Texas Republican Senator and presidential candidate Ted Cruz proposed a flat tax plan minutes before the CNBC GOP debate Wednesday night. Cruz elaborated on his plan during the debate which included auditing the federal reserve.
Summing up his plan in an op-ed in The Wall Street Journal, Cruz claims his plan will “spur robust economic growth and job creation, while raising after-tax income for all Americans; be dramatically simpler, to allow working people to file their taxes with a postcard or phone app; and shrink Washington by getting rid of the rat’s nest of complex tax requirements, credits and loopholes.”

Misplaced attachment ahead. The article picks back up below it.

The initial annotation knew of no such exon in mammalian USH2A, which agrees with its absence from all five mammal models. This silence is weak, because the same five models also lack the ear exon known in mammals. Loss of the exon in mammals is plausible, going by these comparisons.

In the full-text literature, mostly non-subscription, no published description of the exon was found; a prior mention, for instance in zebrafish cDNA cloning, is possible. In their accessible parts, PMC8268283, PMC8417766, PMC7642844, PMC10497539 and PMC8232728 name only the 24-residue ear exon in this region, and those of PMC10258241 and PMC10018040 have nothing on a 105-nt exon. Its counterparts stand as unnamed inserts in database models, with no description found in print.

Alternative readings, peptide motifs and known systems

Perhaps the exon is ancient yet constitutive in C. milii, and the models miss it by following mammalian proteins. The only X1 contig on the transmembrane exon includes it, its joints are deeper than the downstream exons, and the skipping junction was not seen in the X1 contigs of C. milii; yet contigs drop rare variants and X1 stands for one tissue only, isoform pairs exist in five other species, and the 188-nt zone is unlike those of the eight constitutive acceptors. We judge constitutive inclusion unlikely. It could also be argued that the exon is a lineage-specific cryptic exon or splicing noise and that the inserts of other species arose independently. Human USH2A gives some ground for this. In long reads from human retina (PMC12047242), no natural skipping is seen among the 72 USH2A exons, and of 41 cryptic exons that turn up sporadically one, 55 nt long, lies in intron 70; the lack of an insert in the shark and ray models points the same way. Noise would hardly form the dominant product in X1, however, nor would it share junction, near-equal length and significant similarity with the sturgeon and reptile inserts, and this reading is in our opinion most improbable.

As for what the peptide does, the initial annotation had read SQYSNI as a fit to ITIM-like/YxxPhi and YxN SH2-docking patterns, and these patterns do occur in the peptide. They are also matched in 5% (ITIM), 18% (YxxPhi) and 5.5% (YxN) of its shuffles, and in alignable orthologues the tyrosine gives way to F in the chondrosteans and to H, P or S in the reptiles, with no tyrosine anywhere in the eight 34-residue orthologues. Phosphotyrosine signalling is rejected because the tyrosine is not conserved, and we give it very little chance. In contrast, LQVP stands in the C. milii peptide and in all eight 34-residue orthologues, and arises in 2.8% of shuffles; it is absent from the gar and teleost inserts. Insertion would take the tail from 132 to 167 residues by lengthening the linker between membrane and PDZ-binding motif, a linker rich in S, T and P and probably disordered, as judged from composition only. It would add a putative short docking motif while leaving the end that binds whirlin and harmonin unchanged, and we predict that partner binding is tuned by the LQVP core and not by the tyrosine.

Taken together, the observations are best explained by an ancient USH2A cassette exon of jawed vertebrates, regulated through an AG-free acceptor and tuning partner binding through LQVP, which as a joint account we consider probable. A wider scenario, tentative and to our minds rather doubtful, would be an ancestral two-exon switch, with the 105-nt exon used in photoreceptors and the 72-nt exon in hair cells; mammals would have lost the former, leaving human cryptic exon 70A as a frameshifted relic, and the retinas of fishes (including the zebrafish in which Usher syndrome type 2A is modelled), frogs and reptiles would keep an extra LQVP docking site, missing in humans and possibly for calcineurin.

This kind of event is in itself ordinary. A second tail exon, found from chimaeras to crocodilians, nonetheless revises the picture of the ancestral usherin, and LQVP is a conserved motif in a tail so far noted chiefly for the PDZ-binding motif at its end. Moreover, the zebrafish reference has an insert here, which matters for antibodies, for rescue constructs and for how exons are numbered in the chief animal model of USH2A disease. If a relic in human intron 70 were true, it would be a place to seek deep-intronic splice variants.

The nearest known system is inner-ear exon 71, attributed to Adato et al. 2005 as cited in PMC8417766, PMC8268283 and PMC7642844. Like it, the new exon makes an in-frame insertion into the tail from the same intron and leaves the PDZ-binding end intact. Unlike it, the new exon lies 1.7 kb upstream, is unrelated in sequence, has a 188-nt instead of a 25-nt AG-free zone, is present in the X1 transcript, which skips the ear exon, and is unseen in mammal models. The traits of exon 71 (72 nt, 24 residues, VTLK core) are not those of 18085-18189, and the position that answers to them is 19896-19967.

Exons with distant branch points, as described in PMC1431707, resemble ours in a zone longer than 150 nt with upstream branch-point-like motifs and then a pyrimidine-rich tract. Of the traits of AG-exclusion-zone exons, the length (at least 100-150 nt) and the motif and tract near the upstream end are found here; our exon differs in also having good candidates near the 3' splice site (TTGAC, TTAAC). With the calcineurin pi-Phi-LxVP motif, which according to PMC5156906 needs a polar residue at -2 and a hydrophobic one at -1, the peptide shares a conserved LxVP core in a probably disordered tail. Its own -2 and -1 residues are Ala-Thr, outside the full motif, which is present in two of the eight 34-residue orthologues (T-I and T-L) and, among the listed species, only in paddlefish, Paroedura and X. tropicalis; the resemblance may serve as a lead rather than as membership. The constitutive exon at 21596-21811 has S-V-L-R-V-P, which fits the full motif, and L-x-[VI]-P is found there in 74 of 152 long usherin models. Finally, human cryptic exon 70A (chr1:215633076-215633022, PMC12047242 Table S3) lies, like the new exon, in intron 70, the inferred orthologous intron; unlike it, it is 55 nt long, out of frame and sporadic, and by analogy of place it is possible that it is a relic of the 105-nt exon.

Cruz proposes that for a family of four, “no taxes no taxes whatsoever (income or payroll) on the first $36,000 of income.” However, above that income level, a ten percent flat tax will be placed on all individual income and investment.
Cruz also wants to do away with the estate tax or “death tax” as well as repeal the alternative minimum tax and Affordable Care Act taxes. Additionally, the Texas Republican proposes to eliminate the payroll tax and the corporate income tax. These taxes would be replaced by a 16 percent business flat tax.
“This would tax companies’ gross receipts from sales of goods and services, less purchases from other businesses, including capital investment. Simple, efficient, fair,” he writes.
Finally, Cruz believes a Universal Savings Account will let each American to save up to $25,000 every year on a tax-deferred basis for any purpose.